Through two rounds, this fan-friendly approach has paid off…just barely. They squeaked by the Vegas Golden Knights in seven games and took another seven to dispose of the top-heavy Colorado Avalanche. At 5-on-5, San Jose is controlling 49.6% of the shot attempts (11th), 49.0% of the scoring chances (12th) and 44.8% of the high-danger opportunities (14th). Naturally, you might be wondering how the Sharks have succeeded at even strength. Well, they haven’t really. Their expected goal share of 45.9% (14th) is only slightly exceeded by their actual 47.2 GF% (8th). Overall, they’ve scored 43 goals and allowed 43 goals. This high-wire act could result in disaster against the disciplined St. Louis Blues in Round 3.
On the flip side, it hasn’t taken them this far by accident. San Jose knows how to score opportune goals. It can smell them in the air and activates a furious wave of attackers in high-leverage situations.
Starting netminder Martin Jones also rebounded from a poor first round (3.20 GAA, 90.4 SV%) with a good showing in the conference semifinals (2.29 GAA, 91.6 SV%). He wasn’t spectacular by any stretch, but his team doesn’t need him to be. Average play between the pipes is enough when you can unleash a potent offense.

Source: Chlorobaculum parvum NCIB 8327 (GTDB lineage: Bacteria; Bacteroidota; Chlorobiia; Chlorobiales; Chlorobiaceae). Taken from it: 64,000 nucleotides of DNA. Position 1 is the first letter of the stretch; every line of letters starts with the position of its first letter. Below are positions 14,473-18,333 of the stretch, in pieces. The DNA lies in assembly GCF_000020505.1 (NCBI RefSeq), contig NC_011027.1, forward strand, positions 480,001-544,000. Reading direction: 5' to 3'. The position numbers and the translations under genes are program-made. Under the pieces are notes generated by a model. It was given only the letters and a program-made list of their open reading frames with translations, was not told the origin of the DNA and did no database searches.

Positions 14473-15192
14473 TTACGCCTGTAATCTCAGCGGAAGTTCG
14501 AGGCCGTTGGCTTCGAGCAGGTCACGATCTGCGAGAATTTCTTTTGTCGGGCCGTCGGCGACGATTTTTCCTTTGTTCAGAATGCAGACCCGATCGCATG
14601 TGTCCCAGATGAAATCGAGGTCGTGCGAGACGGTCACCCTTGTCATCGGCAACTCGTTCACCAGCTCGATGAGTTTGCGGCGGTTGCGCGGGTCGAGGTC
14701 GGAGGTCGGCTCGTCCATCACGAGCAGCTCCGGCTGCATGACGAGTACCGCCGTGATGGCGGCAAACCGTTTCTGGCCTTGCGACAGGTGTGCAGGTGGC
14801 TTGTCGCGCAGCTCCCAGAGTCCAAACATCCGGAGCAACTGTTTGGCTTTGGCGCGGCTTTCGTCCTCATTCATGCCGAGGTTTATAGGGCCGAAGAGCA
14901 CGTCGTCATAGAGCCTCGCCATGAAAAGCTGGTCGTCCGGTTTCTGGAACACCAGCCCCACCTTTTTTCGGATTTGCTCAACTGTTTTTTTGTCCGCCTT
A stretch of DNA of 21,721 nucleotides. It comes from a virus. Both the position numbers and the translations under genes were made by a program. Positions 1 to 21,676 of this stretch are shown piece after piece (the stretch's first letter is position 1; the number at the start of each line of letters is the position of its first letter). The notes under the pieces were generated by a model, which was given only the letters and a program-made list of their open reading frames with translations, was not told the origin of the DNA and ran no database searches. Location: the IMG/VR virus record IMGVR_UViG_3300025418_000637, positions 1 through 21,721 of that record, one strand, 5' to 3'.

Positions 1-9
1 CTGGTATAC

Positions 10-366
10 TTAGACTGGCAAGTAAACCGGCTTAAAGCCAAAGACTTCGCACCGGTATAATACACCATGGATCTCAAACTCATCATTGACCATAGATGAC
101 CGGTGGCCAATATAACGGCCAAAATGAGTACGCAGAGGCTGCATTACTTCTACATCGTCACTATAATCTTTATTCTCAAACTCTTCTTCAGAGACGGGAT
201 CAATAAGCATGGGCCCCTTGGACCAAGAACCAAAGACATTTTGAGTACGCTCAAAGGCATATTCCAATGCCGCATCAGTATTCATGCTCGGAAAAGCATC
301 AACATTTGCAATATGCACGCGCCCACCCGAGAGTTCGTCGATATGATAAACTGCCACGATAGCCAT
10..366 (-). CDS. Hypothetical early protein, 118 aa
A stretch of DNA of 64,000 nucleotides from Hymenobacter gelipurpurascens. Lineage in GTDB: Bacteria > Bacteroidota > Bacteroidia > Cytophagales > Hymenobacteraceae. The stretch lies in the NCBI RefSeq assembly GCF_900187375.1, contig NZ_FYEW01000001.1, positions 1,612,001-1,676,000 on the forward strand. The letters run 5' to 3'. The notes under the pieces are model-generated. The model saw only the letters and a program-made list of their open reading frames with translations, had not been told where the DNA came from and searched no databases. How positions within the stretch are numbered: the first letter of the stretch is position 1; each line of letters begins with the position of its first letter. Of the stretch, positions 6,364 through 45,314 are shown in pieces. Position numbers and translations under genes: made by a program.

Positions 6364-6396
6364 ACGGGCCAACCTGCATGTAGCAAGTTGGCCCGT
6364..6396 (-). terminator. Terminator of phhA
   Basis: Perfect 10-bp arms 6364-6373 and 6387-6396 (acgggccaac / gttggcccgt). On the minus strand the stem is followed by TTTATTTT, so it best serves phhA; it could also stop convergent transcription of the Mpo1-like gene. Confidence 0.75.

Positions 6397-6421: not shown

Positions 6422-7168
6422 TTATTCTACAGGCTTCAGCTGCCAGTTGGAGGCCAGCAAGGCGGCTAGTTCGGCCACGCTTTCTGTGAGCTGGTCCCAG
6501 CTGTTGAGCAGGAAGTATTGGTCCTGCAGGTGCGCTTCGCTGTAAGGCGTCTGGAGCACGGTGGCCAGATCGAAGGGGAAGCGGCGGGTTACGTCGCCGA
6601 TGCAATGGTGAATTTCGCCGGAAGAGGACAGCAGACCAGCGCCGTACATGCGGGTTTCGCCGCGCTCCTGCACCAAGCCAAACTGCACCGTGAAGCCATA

Hertl is among the league’s best at fending off defenders in close quarters and bulling his way to the net. Meier is a wrecking ball whose speed consistently catches defenders off guard. Couture is a playoff performer with ice in his veins. Captain Joe Pavelski was heroic in his Game 7 return from injury. His craftiness and hands in tight are world-class. Then there’s Evander Kane’s quick trigger, Thornton’s ridiculous vision, Labanc’s sporadic moments of brilliance, and Burns and Karlsson’s mad dashes up the ice.